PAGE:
Criminal Responses and Financial Misconduct in Twenty-first Century Britain: tradition and points of departure, and the significance of the conscious past
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The Financial Services (Banking Reform) Bill 2013/14 (hereafter Banking Reform Bill) is set to introduce a new criminal offence of reckless misconduct by senior bank staff. The introduction of such an offence was recommended in the Final Report of the Parliamentary Commission on Banking Standards (PCBS) Changing Banking for Good, published 19 June 2013; as part of a ‘package of recommendations to raise standards’. This particular recommendation had been widely anticipated. A short time before this Report, the PCBS Chair, Andrew Tyrie MP, had bemoaned the lack of ‘orange jumpsuits’ being donned by bankers. Equally, press reportage that ‘reckless bankers’ could ‘face jail’ had started to appear from as early as the close of 2011. 4 Government endorsement of the PCBS recommendations followed quickly from the publication of the latter’s report. On 8 July 2013 the Government Response to the Report to this effect signalled that this would be achieved by adding amendments to the Banking Reform Bill 2013/14, first introduced in Parliament 4 February 2013. This has now transpired, by virtue of amendments to the Bill introduced on 9 October 2013. Like the initial PCBS recommendation, government support for the new criminal offence was also widely anticipated. Government favour for such a measure had been strongly signalled in the Treasury Consultation Sanctions for the Directors of Failed Banks, published in July 2012. It had been signposted earlier still by very public declarations of support from Matthew Hancock, MP, a close ally of George Osborne, the Chancellor of the Exchequer. At one level, this new criminal offence is intended to be very narrow in application, and enforced only very exceptionally. In other respects, analysis of it through the current proposals show it to be a manifestly important measure which will alter the longstanding course of criminal liability for ‘financial sector’ crime in Britain. It is also part of the discourse of the post-crisis regulatory environment encouraging reflection on the past in configuring responses for the future; including suggestions that too little attention has been paid to ‘lessons of history’. In exploring aspects of both these distinctive angles, attention is paid to how nineteenth-century responses were themselves informed by contemporary Victorian understanding of a ‘conscious past’. Little work has been undertaken on how Victorian responses to financial crime were influenced by a conscious past and the article considers why the introduction of the reckless conduct in banking offence creates such an appropriate juncture for doing so. This is in the light of our own awareness of how criminal law has responded to financial misconduct for over 150 years, and what new approaches might be required to respond to the regulatory challenges of the early twenty-first century.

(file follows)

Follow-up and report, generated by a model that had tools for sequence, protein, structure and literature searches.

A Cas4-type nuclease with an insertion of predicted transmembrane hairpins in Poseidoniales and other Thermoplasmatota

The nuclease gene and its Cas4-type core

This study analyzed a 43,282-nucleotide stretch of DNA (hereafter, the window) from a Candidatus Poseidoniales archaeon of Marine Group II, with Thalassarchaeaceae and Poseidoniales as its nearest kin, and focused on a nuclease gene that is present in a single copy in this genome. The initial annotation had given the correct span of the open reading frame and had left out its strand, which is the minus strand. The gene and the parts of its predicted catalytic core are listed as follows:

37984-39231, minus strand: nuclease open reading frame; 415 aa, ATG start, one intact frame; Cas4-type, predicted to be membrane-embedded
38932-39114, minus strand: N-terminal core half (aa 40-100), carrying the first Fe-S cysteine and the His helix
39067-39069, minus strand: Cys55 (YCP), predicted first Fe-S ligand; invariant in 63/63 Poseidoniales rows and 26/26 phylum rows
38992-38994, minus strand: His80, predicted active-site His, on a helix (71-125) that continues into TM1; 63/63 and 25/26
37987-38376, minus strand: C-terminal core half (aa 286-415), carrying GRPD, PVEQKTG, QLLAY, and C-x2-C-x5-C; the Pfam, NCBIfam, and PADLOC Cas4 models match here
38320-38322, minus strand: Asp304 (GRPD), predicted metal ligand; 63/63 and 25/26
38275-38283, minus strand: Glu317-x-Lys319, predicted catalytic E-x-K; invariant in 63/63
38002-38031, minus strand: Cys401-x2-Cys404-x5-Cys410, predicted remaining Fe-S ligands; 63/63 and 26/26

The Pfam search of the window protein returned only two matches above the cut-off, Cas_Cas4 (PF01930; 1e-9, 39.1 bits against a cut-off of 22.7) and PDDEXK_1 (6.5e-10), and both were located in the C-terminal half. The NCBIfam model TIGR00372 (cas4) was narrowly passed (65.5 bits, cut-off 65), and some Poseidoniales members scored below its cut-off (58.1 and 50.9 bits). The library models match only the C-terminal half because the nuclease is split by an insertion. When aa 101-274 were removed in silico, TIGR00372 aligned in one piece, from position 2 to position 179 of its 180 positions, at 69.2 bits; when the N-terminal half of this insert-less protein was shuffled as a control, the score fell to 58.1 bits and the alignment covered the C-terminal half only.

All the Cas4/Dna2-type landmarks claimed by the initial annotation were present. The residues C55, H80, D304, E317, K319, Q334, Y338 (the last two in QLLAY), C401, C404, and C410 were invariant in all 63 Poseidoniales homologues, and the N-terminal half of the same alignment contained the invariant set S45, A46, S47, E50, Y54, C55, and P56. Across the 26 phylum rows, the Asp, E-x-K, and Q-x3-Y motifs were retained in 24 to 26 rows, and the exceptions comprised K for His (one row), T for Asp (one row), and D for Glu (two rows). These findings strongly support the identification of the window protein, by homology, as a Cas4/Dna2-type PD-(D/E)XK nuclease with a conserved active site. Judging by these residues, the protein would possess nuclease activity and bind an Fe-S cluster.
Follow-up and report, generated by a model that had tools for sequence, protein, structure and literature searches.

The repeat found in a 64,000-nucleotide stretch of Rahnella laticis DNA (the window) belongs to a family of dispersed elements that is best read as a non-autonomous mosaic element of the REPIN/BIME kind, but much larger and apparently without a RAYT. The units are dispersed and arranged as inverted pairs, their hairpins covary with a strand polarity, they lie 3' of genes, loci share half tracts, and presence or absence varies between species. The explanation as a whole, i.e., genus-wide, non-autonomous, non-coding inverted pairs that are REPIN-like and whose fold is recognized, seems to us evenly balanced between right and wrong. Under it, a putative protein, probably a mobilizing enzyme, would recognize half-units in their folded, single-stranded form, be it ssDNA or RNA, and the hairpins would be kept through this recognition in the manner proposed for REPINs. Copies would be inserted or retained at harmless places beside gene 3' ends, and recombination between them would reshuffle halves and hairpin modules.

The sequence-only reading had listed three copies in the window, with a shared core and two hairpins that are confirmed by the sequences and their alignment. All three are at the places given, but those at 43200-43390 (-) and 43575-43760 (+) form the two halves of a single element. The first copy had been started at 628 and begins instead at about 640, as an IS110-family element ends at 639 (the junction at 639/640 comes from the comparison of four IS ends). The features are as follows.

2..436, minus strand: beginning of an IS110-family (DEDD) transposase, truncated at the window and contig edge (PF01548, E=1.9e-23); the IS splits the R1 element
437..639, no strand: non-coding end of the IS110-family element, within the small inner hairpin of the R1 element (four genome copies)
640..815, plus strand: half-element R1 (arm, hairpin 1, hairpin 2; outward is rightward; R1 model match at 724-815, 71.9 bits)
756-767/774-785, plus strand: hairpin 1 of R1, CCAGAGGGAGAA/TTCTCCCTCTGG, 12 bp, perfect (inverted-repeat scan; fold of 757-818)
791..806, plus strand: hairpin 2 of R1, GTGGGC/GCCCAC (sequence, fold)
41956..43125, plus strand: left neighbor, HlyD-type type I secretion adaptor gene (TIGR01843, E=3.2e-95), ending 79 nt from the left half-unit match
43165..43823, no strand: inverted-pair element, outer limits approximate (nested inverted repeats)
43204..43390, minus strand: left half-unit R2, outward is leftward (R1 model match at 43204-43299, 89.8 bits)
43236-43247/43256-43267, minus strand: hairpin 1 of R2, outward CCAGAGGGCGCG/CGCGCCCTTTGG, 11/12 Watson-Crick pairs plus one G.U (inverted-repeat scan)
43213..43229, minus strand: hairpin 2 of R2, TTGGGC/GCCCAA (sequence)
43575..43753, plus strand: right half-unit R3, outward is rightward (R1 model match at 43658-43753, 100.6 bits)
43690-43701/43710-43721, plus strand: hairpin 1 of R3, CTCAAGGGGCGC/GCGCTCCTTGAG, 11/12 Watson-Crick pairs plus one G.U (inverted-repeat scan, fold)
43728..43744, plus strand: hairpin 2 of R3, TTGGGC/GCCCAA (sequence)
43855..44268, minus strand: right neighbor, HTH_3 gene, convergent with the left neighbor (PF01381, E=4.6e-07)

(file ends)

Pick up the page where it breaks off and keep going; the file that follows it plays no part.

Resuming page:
Wilson, G. and Wilson, S. (2013) 'Criminal Responses and Financial Misconduct in Twenty-first Century Britain: tradition and points of departure, and the significance of the conscious past', Law, Crime and History, 3(3), pp.1-24. Available at: https://pearl.plymouth.ac.uk/handle/10026.1/8888
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